This could be marking your area with bright clothing, create a visual signal that creates a contrast to the environment (red coat, orange poncho, etc.). You want to come up with some “what if’s” scenarios, such as “if I hear a vehicle, helicopter or people yelling, what do I do?”

Do you have a way to make noise or a bright light if it is dark and they are searching at night? Sometimes it is easier for the rescuers to see fresh disturbance of tracks at night with lights at a low angle (tracking tip).

It is now late afternoon, and as I make my decision and it begins to slowly sink in that I am here for the night…perhaps longer…I begin to take action. Although it is warm now, I remember the nights have been cold. Before I launch into creating an insulative layer up off the ground and sheltering me from the elements, my first action is making some noise. I get a good solid stick and look for a dead tree that is close by for a better resonance when I hit it. A solid live tree sound will not carry. I also have a skill of whistling with an acorn, and that is extremely loud. I know there is no one searching for me at this moment, however I may find another hiker or a farm house or logger in the area.

threeThe universal sign for emergency is 3! Three loud whistles, gun shots, car horns or banging a piece of metal if trapped underground in a mine or in a building in an earthquake. Always remember 3.

TO BE CONTINUED…I’m Lost! Hike Turns into Wilderness Survival Experience

Winter Living and Ice Safety

Are you ready for New England weather?

When cold temperatures are sustained, bodies of water freeze. This creates a new environment for both humans and wildlife to adapt to. Travel is made easier, though precarious, on ice-covered lakes. Games are created, and the ice becomes a playground for ice-hockey and ice-skating. People still need to eat, and fish is still readily available, as long as you can create a hole in the ice for ice-fishing. Be safe–the ice can be unpredictable if you don’t know how to read it. So safety first: check out our blog for research and videos (the best I have seen).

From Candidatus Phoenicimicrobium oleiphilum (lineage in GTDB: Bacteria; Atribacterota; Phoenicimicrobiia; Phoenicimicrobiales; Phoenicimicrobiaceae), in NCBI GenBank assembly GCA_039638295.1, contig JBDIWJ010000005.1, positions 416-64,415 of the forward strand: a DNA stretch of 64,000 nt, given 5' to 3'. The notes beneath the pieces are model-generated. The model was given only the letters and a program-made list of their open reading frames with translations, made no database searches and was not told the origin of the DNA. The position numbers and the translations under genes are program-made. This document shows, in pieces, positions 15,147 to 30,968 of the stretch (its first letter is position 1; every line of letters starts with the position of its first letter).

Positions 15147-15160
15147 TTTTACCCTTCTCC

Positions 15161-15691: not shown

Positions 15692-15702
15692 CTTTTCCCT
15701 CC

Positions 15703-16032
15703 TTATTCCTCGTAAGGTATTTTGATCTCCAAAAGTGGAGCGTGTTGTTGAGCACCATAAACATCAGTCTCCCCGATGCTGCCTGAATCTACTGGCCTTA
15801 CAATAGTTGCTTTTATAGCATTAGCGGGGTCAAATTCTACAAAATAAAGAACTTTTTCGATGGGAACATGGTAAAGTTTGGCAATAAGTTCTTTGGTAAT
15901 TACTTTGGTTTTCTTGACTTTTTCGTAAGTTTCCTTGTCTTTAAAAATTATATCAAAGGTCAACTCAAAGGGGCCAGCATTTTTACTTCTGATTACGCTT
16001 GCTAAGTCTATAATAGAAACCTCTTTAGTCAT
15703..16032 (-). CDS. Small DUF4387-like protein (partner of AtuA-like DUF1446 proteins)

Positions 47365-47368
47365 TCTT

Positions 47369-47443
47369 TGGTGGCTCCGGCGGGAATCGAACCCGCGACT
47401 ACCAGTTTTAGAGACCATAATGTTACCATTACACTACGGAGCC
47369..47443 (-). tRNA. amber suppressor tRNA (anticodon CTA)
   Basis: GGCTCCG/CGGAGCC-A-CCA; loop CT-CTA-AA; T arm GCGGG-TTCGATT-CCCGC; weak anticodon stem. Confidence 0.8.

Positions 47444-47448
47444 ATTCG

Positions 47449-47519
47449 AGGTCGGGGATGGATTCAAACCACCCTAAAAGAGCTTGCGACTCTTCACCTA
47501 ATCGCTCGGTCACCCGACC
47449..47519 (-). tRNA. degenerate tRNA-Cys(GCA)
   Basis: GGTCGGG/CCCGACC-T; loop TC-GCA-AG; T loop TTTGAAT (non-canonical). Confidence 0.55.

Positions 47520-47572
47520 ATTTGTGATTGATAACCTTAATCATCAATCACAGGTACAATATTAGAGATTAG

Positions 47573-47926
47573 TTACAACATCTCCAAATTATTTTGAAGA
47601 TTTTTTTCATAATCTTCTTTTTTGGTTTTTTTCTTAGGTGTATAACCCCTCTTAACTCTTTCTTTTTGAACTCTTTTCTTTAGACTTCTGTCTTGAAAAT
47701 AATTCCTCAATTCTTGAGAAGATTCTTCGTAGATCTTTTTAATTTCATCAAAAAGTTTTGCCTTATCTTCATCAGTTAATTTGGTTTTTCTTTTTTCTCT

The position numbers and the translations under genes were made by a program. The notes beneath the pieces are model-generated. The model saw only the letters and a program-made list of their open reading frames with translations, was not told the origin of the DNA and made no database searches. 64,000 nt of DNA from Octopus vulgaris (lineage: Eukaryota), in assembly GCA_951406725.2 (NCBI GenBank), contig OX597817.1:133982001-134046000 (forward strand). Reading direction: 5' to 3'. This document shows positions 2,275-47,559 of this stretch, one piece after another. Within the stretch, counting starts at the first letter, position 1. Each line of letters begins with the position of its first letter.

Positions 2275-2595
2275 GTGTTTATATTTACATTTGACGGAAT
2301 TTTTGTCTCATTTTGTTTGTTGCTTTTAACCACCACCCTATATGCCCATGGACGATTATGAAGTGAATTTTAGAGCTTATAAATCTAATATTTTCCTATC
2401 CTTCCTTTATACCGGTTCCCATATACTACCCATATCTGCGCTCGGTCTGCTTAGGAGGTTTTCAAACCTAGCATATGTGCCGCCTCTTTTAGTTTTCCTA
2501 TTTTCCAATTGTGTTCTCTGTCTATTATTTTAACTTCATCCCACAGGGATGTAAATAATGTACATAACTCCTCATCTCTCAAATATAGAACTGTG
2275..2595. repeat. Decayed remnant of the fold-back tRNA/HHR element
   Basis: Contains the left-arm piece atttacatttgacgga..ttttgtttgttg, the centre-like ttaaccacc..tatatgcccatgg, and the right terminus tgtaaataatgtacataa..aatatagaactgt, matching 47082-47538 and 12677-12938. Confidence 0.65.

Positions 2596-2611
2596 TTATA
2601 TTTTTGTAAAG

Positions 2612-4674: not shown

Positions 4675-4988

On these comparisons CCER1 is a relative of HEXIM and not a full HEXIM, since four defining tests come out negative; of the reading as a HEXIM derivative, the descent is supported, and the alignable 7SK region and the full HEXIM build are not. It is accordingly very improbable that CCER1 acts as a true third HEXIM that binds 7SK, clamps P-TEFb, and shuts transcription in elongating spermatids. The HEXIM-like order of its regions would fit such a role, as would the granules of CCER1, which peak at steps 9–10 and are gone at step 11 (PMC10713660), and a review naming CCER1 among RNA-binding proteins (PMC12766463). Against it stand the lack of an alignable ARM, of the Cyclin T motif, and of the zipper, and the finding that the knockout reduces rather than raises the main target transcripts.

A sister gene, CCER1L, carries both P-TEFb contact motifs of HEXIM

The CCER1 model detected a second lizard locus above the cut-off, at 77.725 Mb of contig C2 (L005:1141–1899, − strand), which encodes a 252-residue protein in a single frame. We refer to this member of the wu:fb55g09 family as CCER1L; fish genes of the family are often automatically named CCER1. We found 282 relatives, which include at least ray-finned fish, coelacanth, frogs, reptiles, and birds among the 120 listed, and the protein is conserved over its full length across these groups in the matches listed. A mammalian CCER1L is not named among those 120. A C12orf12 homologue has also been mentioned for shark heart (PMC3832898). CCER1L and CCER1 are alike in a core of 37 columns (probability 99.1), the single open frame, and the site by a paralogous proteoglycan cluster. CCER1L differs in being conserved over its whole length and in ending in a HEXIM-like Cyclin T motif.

(These videos may not be suitable for very young children…parents may want to view videos first.)

Emergency Survival & Self-Sufficiency Skills Workshop

(prepay & save $10! $50/adult prepaid, $60/adult if pay day of)

FOR ADULTS ONLY

Be Prepared…Not Scared

The weather in New England can be robust. We’ve seen tornadoes and microbursts, hurricanes, freak snowstorms in October and severe thunderstorms after winters of an abundance of snow. Maybe the ice storms of Winter 2008 or Halloween Snowstorm 2011 brought an “emergency” to your door step? These storms are powerful teachers. We are reminded that we need each other and need to have certain awareness and skills.

This hands-on, engaging workshop will demonstrate the practical skills you need as you learn how to:

  • Create warm shelter in or outside your home;
  • Stay healthy through safe hygiene and sanitation practices;
  • Make water safe to drink;
  • Make fire when matches are wet or lighter fluid doesn’t work due to extreme cold;
  • Find the best food sources when grocery stores are wiped out or you can’t get to them;
  • Prepare food when the stove or microwave doesn’t work;
  • Use your car as a shelter, for cooking food and making a fire.

Shelter, water, fire and food will be covered.

Our classes are experiential and teach foundational skills for true sustainability; how to live with nature in a way that benefits us and our environment. This creates a natural balance in our lives. We will have time to explore, learn, play and gain new perspective for seeing the world in a changing time.

WHO: Adults
HOW MUCH: $50/adult PREPAID; $60/adult if paid day of Workshop

REGISTER ONLINE

(Winter Animal Tracking is today at 1-4 pm)

Winter Shelter Workshop (WS 1)

Workshop 1 of WINTER OUTDOOR SKILLS ADVENTURE WEEKEND

Winter Shelter Building

The art of staying safe & warm in the cold

 

Building a winter shelter is both a needed survival skill and a great way to enjoy the outdoors this season.

In this family- and adult-oriented class, you will learn the basics of making three kinds of winter shelters:

  • The Quinzee
  • Tarp Craft
  • Thermal Mass Shelter

We will also concentrate on how to stay warm in the winter without shelter and techniques to prevent hypothermia, frostbite and other cold related injuries.Come away from this class with practical tools for staying safe and enjoying all of what winter has to offer!

For Adults, Teens & Famlies
$45/adult, $25/child with adult prepaid (add $10 if pay day of)

REGISTER ONLINE

WINTER OUTDOOR SKILLS ADVENTURE WEEKEND–2nd Annual–SCHEDULE

Saturday, 2/27 & Sunday, 2/28

Sat, 9-12: Winter Shelter
Sat, 1-4: WinterFire

* Maybe stay overnight in a tent or shelter you built…$5/person; rustic cabin…$8/person (very limited space)

Sun, 9-12: Ice Safety
Sun, 1-4: Winter Tracking